Kody nodded.

"She'll be alright. Now, you drive careful. Follow the rig but don't follow too close."

"Yes, ma'am."

Jack joined them after loading Ginny's box in the back of the truck. Mama continued, "I forgot where he said we were gonna have to stop and pick up his load, but just be aware that we'll be doing that at some point. If y'all need to stop for any reason, I guess flash the lights."

"Yes, ma'am."

She turned and looked at the house, then up at Jack. He grinned. "Don't you worry, Aunt Susan. We'll keep an eye on things."

"I know ya will, Jack," she said as he bent over to hug her. "Tell your mama and daddy I sure do appreciate it."

"Yes, ma'am, I will."

She smiled at the boys and turned to join Ralph in his rig. Kody headed over to the driver's side and got in Lilly, Jack following close behind. He leaned in the window as Kody turned over the ignition. "I'll keep an eye on...things for you, too," said Jack.

Kody shook his head. "I don't think that'll be necessary."

Jack's brows furrowed but for once he didn't ask any questions. He looked past Kody and addressed Ginny. "Don't put anybody in the hospital, Pit Viper."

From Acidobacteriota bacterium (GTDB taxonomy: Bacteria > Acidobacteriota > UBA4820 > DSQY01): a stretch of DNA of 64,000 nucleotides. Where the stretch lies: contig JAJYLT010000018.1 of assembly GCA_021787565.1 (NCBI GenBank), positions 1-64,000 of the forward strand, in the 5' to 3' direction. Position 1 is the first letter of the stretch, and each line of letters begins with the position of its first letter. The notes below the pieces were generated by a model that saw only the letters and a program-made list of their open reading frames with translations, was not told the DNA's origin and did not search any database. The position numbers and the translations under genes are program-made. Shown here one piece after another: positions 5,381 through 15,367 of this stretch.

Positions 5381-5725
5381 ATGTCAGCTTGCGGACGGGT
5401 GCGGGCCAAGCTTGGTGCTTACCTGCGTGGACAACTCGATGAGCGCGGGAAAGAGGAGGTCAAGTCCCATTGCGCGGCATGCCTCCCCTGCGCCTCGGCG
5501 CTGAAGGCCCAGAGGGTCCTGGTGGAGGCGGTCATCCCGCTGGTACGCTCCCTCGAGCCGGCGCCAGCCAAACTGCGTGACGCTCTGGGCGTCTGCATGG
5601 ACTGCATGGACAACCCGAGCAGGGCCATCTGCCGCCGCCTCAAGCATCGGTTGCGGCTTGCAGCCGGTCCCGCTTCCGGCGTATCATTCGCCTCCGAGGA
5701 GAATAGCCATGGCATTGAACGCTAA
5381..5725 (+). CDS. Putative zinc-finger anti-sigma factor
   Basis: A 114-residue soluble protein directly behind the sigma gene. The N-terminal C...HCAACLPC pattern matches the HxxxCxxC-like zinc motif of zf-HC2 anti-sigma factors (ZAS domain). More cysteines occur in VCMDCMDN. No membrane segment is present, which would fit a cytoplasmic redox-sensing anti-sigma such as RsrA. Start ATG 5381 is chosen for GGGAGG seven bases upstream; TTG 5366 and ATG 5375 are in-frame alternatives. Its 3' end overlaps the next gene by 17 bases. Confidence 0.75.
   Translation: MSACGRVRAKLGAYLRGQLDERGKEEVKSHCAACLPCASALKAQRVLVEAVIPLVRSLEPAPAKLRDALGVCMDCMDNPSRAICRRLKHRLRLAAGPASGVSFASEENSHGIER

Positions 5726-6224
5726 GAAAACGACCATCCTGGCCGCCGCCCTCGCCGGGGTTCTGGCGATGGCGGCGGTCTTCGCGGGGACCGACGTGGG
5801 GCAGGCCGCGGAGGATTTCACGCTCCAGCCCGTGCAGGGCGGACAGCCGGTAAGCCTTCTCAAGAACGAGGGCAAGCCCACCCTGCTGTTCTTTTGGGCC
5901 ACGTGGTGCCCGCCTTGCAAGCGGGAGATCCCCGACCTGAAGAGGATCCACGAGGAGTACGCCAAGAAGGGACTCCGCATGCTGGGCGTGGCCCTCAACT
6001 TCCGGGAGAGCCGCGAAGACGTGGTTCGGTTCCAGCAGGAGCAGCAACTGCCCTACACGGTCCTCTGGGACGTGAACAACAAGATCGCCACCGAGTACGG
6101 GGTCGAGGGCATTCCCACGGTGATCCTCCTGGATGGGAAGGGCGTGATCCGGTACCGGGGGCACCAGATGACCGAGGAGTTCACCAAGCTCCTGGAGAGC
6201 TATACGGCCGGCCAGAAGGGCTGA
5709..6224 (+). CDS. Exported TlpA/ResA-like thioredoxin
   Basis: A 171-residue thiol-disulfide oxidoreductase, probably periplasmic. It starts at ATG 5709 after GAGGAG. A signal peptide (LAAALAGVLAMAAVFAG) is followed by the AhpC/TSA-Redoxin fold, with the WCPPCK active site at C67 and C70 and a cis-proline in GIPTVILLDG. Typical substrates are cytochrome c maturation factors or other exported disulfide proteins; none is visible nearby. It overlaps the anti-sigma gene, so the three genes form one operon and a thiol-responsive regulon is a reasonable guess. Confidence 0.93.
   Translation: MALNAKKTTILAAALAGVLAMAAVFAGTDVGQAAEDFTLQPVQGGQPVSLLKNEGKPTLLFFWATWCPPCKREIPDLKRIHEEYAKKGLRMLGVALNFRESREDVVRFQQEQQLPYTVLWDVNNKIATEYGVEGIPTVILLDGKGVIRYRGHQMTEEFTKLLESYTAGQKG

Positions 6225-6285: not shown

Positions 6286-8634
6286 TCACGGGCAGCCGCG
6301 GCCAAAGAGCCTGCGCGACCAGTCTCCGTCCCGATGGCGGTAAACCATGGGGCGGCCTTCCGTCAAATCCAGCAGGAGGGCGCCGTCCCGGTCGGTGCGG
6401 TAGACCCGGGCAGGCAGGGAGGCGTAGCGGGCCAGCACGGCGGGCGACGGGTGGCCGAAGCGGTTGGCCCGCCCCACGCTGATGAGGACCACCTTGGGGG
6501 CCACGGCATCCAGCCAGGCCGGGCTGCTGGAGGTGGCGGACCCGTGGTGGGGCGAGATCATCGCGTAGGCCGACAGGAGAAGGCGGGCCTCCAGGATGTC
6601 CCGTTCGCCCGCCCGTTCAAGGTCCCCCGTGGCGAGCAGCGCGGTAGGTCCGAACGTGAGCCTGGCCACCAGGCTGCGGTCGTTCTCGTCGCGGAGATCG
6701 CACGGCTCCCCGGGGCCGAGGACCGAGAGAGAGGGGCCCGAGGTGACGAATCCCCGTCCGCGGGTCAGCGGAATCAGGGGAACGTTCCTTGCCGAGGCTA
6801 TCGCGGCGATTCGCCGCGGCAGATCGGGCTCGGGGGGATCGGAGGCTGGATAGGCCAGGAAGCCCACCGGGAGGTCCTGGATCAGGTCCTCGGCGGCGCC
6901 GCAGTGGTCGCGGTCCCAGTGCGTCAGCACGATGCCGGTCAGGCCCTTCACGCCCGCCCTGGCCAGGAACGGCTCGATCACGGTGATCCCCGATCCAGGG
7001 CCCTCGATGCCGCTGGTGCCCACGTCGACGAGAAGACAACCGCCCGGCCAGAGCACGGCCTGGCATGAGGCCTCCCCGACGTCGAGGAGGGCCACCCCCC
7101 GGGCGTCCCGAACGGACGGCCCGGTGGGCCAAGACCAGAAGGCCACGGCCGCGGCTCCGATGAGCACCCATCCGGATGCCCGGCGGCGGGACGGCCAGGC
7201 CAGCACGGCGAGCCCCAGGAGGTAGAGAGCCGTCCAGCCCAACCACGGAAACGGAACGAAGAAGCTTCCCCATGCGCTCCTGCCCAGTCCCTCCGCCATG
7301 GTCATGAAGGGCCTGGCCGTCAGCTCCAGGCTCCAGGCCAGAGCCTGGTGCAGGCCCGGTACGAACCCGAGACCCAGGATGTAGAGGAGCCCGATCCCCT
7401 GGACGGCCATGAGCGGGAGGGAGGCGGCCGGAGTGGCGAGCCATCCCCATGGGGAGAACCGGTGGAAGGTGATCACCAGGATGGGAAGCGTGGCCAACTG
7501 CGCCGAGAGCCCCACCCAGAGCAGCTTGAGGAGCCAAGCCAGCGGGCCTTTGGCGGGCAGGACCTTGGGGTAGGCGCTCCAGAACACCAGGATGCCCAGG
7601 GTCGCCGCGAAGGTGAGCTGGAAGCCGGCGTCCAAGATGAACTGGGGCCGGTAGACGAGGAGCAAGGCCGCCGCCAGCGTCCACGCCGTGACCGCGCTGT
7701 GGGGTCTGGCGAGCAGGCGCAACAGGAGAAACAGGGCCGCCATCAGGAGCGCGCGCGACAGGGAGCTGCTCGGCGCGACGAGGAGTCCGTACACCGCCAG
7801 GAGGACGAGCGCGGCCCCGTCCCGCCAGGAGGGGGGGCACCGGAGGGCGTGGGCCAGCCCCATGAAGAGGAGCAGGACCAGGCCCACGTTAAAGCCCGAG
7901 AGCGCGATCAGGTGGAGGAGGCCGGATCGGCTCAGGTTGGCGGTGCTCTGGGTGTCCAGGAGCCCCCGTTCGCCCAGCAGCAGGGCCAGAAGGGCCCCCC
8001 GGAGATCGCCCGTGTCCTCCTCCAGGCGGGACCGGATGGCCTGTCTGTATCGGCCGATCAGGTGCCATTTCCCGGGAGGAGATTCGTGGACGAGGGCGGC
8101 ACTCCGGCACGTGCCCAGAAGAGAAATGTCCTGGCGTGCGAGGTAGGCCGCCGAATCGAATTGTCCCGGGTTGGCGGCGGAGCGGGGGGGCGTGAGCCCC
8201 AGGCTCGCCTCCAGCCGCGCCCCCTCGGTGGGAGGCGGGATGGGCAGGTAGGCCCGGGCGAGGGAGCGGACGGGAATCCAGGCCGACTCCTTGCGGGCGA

She looked up from the rough sketch of their house she was working on and her lips curled into a mischievous half-smile; she would make no promises.

Ralph pulled the rig out into the road. "Alright, then," Jack said, slapping the window sill as he stepped away from the truck. "Y'all take care." Kody nodded, then pulled Lilly out into the road as well.

Ginny watched in the side mirror, through the dust kicked up in the road as Kody tried to keep up with Ralph's truck, as her big, goofy cousin, one hand stuffed in the pocket of his dirty overalls, the other waving to them, got smaller and smaller.

When they got into the dirty little town, she laid down her pad of paper and took in the old, gray house, the boarding house, the company store, the diner, the school house, the dirt patch, the rows of white-washed company houses, the men coming and going to work in the mines. And for the first time, she appreciated it all. She'd never thought about ever missing this place.

As they began up the mountain road, Ginny attempted to continue working on her sketch of the little wood house with the rusty metal roof, but the road was too bumpy and kept messing her up. She sighed as she once again laid down her paper and returned to looking out the window.